The Chicago Bears entered the 2019 season with second-year head coach Matt Nagy fresh off of Coach of the Year recognition; general manager Ryan Pace was coming off of his own Executive of the Year recognition. They were division champions at 12-4, powered by a voracious defense and enlivened by a resurgent offense led by second-year quarterback Mitchell Trubisky. Things were good.
Then things were bad. Defensive coordinator Vic Fangio left for the Denver Broncos head coaching job, and veteran coordinator Chuck Pagano stepped into his place. Nagy’s collegiate offense failed to find a second wave of innovation after defenses caught up to his pace and space approach, while injuries in both trenches made the dominance of 2018 a forgotten phenomenon. The Bears were worse, and Nagy, Trubisky, and Pace all found their seats getting warmer by the end of the season.
As such, the 2020 free agency and draft period were critical for the current guard of Chicago decision-makers. Quarterback Nick Foles, a challenger to Trubisky, was acquired via trade with the Jaguars in a move that cost Ryan Pace another of the precious few draft picks he hadn’t already sold off—and doesn’t even guarantee Nagy a better quarterback option than Trubisky. Mercurial EDGE Robert Quinn was handed a huge contract to play opposite Khalil Mack, once-owner of the biggest contract among all EDGEs in the league, as the pass-rush fell silent for the Bears last season without the presence of interior disruptor Akiem Hicks.
Aggressive moves have been made, but they’ve been high-risk heaves for immediate improvement on the roster.
When the Bears finally made it to the 2020 NFL Draft, they had multiple spots to fill with a starter, and only two selections with which to get the job done: pick Nos. 43 and 50. Their first- and third-rounders were both gone as a result of the Mack trade, with which they had acquired that extra second-round pick—but all in all, they wouldn’t pick again until the 155th selection in Round 5.
They needed offensive line help badly, especially after the retirement of longtime guard Kyle Long. With Prince Amukamara cut for cap space, corner was a big need, as was safety (Ha Ha Clinton-Dix was gone), wide receiver (Taylor Gabriel was gone), and tight end (Jimmy Graham was added, but he hasn’t been good for quite a while).
At No. 43, the Bears solved the tight end problem—arguably the least pressing on the roster—with Cole Kmet; and at No. 50, they solved the corner problem with Jaylon Johnson.
With Graham in front of Kmet on the depth chart and tight end an important, but not vital part of most offensive structures, the most important rookie for the Bears isn’t Kmet—it’s Johnson.
The cornerback depth chart for the Bears barely got tested last season, as veterans Kyle Fuller and Buster Skrine both held down starting jobs on the outside and in the slot, respectively, for the entire season. CB2 Amukamara made 15 starts, only missing time late in the season and giving Kevin Toliver one start. All in all, five corners took snaps for the Bears in 2019.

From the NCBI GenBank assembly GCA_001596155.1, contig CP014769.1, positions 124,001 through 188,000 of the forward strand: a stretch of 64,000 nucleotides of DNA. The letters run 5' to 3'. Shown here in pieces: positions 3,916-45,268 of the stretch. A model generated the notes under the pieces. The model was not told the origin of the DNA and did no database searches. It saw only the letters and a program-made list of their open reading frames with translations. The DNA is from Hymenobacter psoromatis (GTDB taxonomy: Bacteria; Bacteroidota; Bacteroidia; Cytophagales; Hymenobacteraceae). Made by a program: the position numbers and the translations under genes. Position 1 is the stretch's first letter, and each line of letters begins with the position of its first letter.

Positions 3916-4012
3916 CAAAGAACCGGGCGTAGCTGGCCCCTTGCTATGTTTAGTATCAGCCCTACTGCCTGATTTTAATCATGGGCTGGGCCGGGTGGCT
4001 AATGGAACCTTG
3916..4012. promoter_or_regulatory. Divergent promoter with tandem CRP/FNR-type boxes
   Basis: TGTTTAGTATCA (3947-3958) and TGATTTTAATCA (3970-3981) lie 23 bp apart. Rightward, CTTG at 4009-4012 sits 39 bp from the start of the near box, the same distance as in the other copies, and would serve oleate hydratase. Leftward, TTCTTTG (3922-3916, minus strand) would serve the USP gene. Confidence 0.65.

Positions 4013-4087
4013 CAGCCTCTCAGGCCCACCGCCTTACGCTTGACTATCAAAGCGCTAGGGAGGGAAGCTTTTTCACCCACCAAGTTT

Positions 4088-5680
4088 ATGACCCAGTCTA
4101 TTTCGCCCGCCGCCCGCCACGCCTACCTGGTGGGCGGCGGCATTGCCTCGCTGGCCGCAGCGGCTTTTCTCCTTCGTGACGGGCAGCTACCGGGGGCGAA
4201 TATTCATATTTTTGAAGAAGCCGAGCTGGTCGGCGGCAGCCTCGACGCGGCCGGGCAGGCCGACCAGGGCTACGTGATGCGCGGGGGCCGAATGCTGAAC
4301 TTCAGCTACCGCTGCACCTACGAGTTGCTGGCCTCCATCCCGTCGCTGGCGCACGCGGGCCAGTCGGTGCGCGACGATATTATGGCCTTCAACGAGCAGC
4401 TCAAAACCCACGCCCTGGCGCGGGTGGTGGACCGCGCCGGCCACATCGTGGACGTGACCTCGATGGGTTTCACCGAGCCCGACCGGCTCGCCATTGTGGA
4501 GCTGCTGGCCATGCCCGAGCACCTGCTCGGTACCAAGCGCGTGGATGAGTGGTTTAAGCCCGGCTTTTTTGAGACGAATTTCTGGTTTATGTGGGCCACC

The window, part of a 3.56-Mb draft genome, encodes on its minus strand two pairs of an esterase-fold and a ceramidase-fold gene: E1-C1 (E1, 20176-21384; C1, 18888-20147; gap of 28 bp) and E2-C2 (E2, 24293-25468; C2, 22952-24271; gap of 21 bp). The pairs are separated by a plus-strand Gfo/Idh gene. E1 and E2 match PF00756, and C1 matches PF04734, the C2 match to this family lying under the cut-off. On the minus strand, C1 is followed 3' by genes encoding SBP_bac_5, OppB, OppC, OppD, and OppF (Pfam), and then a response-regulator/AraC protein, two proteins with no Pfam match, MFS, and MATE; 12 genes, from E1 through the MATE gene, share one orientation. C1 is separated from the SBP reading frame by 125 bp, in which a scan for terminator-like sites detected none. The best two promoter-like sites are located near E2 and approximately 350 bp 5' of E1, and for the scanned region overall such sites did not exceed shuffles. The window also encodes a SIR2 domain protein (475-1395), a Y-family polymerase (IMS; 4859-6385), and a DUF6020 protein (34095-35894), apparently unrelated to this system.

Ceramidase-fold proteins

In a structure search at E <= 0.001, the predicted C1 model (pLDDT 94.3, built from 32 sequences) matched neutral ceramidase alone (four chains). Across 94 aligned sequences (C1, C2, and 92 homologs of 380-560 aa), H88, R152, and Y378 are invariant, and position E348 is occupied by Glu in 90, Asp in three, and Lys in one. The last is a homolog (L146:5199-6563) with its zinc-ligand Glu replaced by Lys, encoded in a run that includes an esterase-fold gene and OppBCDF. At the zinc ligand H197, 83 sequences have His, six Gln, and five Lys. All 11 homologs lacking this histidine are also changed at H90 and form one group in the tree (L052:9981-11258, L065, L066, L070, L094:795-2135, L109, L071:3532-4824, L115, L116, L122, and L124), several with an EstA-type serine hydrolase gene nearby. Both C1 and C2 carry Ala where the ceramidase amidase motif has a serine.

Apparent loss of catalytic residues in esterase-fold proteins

As such, there really isn’t much competition for Johnson’s starting gig. Artie Burns was added in free agency after starting only one game in Pittsburgh last season—as a disappointing ex first-rounder, he’s a reclamation project at best. He’ll fight for CB4 on the depth chart with Toliver, entering his third season as a pro, and second-year Duke Shelley, who was a healthy scratch for half of last season.
None carries with them the expectation of Johnson, who was clearly drafted to take over Amukamara’s job at CB2. But that was back when training camp looked like it could be regular; a preseason could potentially be played. As defensive backs coach DeShea Townsend would say in the summer about Johnson’s presumed starting role: “I think it's going to be tough for a lot of these young guys just missing the actual reps of OTAs and making some of those mistakes, that you can coach him off the tape.”
Coaches often claim that rookies aren’t handed starting jobs, but when there’s such a big vacuum to fill in Amukamara’s 910 vacated snaps, and a top pick is spent on the position, it’s clear that the rookie is expected to start. But for the Bears, like all teams in the league, the best-laid plans for immediate rookie impact have been shaken by the limitations on the team's camp and preseason process. Johnson, like all rookies, will come into the NFL colder than any class before them.
But the Bears need Johnson; they don’t have an alternative. Even with Johnson’s steep and rapid ramp-up period, he should still be considered the favorite to start in Week 1 for the Bears—and as a two-year starter in a Utah defense that asked of him both press and off-man coverage, he does have the desirable college experience to step into a Pagano defense. Johnson is one of the most important rookies in the early weeks of the NFL, as bad play and shaky confidence could leave the Bears’ corner room weak for the entire season, further delaying their return to the top of the NFC North.